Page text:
This is an archived article that was published on sltrib.com in 2013, and information in the article may be outdated. It is provided only for personal research purposes and may not be reprinted.
Utah's Jon Huntsman Sr. and his wife, Karen, have made Forbes Magazine's list of the top 50 most generous philanthropists in 2012.
The Huntsmans were 22nd on the list for their donations to charity totalling $76.8 million. But the story, which appears in the Dec. 2 edition of the magazine, also lists the philanthropists' lifetime giving. On that list, the Huntsmans are in the top 10 for their total contributions of $1.3 billion.
Forbes also notes that the 2012 contributions comprise 7 percent of the Huntsmans'. net worth of $1.1 billion. That puts the Huntsmans among the leaders in the percentage of their wealth they gave away.
The No. 1 giver for 2012, Bill Gates, contributed $1.9 billion in 2012, which was 2.6 percent of his net worth of $74 billion, the magazine reported. The second most generous giver, Warren Buffett, donated $1.7 billion, which was 3.2 percent of his net worth of $58.7 billion.
Most of the humanitarians on the list live in the eastern United States. The Huntsmans are the only ones from Utah.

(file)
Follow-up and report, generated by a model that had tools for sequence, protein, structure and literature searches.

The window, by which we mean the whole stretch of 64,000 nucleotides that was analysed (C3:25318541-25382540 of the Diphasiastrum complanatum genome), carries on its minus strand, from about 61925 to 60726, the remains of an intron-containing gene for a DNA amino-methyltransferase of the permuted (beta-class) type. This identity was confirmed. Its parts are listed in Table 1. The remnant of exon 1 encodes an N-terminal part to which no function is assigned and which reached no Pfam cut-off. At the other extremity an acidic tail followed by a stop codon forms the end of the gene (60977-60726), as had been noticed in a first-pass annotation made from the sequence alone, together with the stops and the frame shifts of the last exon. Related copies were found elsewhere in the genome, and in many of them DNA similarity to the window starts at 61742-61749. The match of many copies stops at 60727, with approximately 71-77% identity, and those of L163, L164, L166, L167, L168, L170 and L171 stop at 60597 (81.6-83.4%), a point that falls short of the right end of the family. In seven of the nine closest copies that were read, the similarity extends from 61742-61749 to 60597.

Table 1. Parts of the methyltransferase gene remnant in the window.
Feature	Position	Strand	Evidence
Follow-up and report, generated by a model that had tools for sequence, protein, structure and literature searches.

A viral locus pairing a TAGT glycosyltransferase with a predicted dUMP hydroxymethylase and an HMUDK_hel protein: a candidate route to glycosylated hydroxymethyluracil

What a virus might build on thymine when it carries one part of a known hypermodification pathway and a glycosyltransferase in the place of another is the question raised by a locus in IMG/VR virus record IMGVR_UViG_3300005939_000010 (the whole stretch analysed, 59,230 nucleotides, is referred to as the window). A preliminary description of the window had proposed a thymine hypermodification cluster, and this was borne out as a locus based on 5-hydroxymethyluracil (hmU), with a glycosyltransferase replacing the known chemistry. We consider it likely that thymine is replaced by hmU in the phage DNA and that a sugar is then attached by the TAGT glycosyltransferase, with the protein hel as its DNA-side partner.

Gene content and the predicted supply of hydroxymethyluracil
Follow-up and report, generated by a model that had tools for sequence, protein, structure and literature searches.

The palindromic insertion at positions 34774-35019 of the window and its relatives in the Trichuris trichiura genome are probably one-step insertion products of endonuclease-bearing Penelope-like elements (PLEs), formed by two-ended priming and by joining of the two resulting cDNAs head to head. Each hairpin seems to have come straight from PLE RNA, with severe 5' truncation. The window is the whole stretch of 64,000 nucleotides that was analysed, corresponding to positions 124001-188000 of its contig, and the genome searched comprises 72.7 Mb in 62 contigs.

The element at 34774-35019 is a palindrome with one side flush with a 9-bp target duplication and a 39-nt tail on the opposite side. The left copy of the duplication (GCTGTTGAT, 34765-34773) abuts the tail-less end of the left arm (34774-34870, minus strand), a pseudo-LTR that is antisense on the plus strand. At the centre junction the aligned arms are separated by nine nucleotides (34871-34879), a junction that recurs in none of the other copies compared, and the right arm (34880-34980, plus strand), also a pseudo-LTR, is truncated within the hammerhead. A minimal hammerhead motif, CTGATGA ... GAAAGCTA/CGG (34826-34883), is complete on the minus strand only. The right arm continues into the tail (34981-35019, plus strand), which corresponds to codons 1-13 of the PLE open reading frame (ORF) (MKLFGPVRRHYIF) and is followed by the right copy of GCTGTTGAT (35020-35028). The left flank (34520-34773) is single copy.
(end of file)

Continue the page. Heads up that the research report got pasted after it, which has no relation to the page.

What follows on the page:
Forbes composed the list in partnership with the Philanthropic Research Institute and focused not on money pledged but actually given away.
"Givers now want to see an impact while they're still alive," PRI founder R.J. Shook told Forbes.
Speaking of philanthropists • I have written for several years about Tia Smart and her little army of preteens who call themselves "Kid Power."
When Tia was 8 years old and a third-grader at Redeemer Lutheran School in 2008, she recruited friends and neighbors, some as young as 3, to go around their neighborhoods and collect money to buy turkeys and cans of food for the Utah Food Bank to feed the needy at Thanksgiving.
The efforts of Tia and her friends that first year resulted in about $3,000 worth of turkeys donated to the Food Bank. In subsequent years, the Kid Power army expanded with children in different schools spreading the philanthropy to neighborhoods across the valley.
This year, Kid Power has raised enough to buy about 300 turkeys. Tia, now an eighth-grader at Wasatch Junior High, was joined by friends in preparing Mexican fare for a fundraising dinner at her home last Saturday.
Her mom, Kim, said about 30 people came to the dinner, which raised about $1,500.
Now that Tia is getting older, she has delegated much of the authority to younger soldiers who have kept the march going.
Mya and Robby Zaba were two of Tia's earliest recruits, when Mya was 6 and Robby was 3. Now 11 and 8 and attending Oakridge Elementary School, Mya and Robby have taken a leadership role in Kid Power, which has about 40 young volunteers.
Meanwhile, Tia and her mother have joined the National Charity League, a philanthropic organization that has 190 chapters in 22 states.
The Utah chapter serves 22 charitable organizations, and Tia has volunteered at such charities as the Children's Center, the Sharing Place, the Neighborhood House and the Road Home.